Voice of The Other

Credit: SkyLightRain.com

Credit: SkyLightRain.com

As a writer, I explore the human condition and human behavior. People fascinate me. As I create a character, I ask myself a lot of questions — in fact, I have a list of questions that I go through several times until I feel in my bones that I’ve gotten a character right.  Each character tells me who he or she is, history, desires, goals, friends and family. I listen and write.  There are times when I feel as if I’m channeling a character.  I believe this is how it should be when writing fiction.

Last week at nytimes.com, I read interesting commentary in their “Bookends” feature from Anna Holmes and James Parker entitled “Who Gets to Tell Other People’s Stories?”  When a writer creates a character outside the writer’s own race, gender, sexual orientation, income, and heritage, is the writer operating with empathy or exploitation?  Anna Holmes writes: “…identity is part of experience, and that experience (or the absence of such) should not preclude anyone from telling other people’s stories.”  James Parker writes: “To the degree that you are using a person, a character, simply to propel your plot or give shape to your ideas, to that same degree you are denying this character his or her full reality — and your story will suffer accordingly. Where empathy stops, in other words, exploitation starts.”  Holmes and Parker agree that writing about The Other must be done with care and profound respect.

Writers cannot limit themselves in any way.  They must write about whoever shows up to tell his or her story.  But I do understand that some writers follow formulas, whether that is for the romance, mystery, or thriller genres, and write plot-driven stories rather than character-driven ones.  I think that plot-driven stories can fall prey to the exploitation of The Other rather than empathizing through The Others’ voices and experiences.  Character development can be minimal in plot-driven stories.

"Independence Day" movie poster 1996

“Independence Day” movie poster 1996

I believe that it’s also important for each writer to know himself enough to know and understand his prejudices and guard against them or purge them.  A writer’s prejudices can leak into a story in subtle ways, stealthy and damaging to the writing. Just this morning, I saw an ad on TV for a new Independence Day movie, a sequel to the first which came out on July 4, 1996.  I recall seeing that first movie and while I enjoyed the action, what bothered me the most was that it was so American-centric.  Do Americans really believe that if earth, i.e. the entire planet, is invaded by aliens that they’d focus their attack primarily on America and only Americans would be able to save the entire planet?  I noticed that same prejudice in the ad for the sequel.  (How movies and the arts reflect the prevailing societal beliefs and emotions is a subject for another post sometime.) As an American writer, do I also suffer from this prejudice? Every American writer, especially those writing science fiction, need to be aware of it and open themselves to other possibilities.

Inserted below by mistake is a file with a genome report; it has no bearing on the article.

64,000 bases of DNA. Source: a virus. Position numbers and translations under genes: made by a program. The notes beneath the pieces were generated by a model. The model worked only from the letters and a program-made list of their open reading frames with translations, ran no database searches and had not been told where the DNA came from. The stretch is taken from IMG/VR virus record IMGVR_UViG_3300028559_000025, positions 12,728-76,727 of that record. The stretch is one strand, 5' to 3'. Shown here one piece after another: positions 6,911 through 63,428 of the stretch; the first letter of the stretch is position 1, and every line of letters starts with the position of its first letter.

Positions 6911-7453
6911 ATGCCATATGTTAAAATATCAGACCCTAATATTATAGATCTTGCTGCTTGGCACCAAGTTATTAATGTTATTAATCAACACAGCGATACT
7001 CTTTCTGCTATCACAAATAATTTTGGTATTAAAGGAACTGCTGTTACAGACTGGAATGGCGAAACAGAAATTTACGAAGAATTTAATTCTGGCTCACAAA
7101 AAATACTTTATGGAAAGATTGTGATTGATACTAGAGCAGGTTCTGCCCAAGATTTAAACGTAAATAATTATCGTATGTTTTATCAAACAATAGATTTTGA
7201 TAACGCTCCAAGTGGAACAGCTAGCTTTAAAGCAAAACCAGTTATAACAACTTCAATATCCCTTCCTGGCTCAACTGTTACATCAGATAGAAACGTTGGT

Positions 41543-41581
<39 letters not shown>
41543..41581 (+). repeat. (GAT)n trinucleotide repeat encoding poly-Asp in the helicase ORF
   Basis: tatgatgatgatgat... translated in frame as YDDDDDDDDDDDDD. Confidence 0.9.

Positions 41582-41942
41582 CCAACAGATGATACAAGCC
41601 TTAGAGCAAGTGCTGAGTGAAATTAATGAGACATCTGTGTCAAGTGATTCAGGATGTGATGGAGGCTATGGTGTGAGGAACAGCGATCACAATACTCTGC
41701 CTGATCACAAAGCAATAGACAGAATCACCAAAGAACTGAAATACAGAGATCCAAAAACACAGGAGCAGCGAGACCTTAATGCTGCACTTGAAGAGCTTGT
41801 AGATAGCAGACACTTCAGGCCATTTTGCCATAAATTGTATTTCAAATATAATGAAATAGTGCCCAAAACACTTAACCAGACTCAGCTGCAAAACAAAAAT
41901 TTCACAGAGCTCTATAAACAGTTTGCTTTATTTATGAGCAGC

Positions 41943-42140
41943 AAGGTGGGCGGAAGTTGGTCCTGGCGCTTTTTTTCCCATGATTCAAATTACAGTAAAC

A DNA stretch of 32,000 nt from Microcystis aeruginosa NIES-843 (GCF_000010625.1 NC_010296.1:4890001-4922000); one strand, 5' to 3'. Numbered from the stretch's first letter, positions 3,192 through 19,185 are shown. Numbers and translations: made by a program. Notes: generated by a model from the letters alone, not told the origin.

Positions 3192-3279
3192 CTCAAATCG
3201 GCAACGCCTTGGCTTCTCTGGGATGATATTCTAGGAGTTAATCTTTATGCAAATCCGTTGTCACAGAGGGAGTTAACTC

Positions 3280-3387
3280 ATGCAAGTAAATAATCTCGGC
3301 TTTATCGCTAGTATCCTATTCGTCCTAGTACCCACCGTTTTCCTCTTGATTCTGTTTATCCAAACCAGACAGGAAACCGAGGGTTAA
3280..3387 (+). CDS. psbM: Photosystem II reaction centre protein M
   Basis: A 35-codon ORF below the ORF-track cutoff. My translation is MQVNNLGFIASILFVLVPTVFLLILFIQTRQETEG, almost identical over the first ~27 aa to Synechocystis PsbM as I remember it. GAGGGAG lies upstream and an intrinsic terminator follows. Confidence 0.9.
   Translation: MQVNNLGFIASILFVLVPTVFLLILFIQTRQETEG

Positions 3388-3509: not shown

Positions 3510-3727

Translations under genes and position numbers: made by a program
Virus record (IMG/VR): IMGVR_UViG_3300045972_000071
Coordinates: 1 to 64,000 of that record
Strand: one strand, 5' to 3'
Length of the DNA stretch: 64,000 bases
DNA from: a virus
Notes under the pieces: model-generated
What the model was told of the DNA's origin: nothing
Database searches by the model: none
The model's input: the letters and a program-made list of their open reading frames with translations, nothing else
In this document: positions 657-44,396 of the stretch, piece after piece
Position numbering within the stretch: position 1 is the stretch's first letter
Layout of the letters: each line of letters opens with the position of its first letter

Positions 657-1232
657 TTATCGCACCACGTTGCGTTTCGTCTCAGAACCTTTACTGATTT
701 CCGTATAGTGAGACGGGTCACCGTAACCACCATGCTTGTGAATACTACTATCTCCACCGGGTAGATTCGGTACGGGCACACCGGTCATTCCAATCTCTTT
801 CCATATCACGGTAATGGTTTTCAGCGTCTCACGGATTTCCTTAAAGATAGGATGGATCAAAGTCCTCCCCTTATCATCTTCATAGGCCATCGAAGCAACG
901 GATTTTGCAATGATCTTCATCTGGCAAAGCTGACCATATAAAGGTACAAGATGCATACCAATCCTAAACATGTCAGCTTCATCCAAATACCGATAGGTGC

CCY_PercevalsSecretCvr_FNL-960x1280.131107When Evan Quinn arrived, before he’d revealed his name to me, I saw him conducting the empty Grosser Saal stage in Vienna’s Musikverein concert hall. At the time, I knew little about conductors and I didn’t want him to be a conductor.  When I decided that he’d be an auto mechanic, Evan invaded my night dreams, dressed in his white tie and tails, his expression angry, and he scared me.  After four nights of him scaring me awake, I relented.  Evan was an orchestra conductor and that was it.  I would just have to knuckle under and do the research such a main character required in order to make him authentic.  When writing a character that is The Other, it’s important to be open to that person’s experience and life, to do the research needed to insure authenticity, to put yourself as the writer in that character’s shoes.  No matter how long it takes or how difficult.  I think this is true for any writer of fiction no matter that writer’s race, gender, sexual orientation, income, or heritage.

I want to conclude with a lovely quote from Damyanti Biswas at Daily (W)rite:

“A live story is to be as true to the character as possible, as true to the emotion, the circumstance as I can, and to always, always suspend judgement. More than anything else, it is about being true to my body, the urge inside of it to bend towards writing. Indeed, it is to use all of my body to write, and to obliterate from the story its teller, to leave as few signs of the artist and the craft as possible, so that the story takes on a life of its own, independent of me.”

Laptop Computer: a tool of the writer in 2015

Laptop Computer: a tool of the writer in 2015

Review of ‘Perceval’s Secret’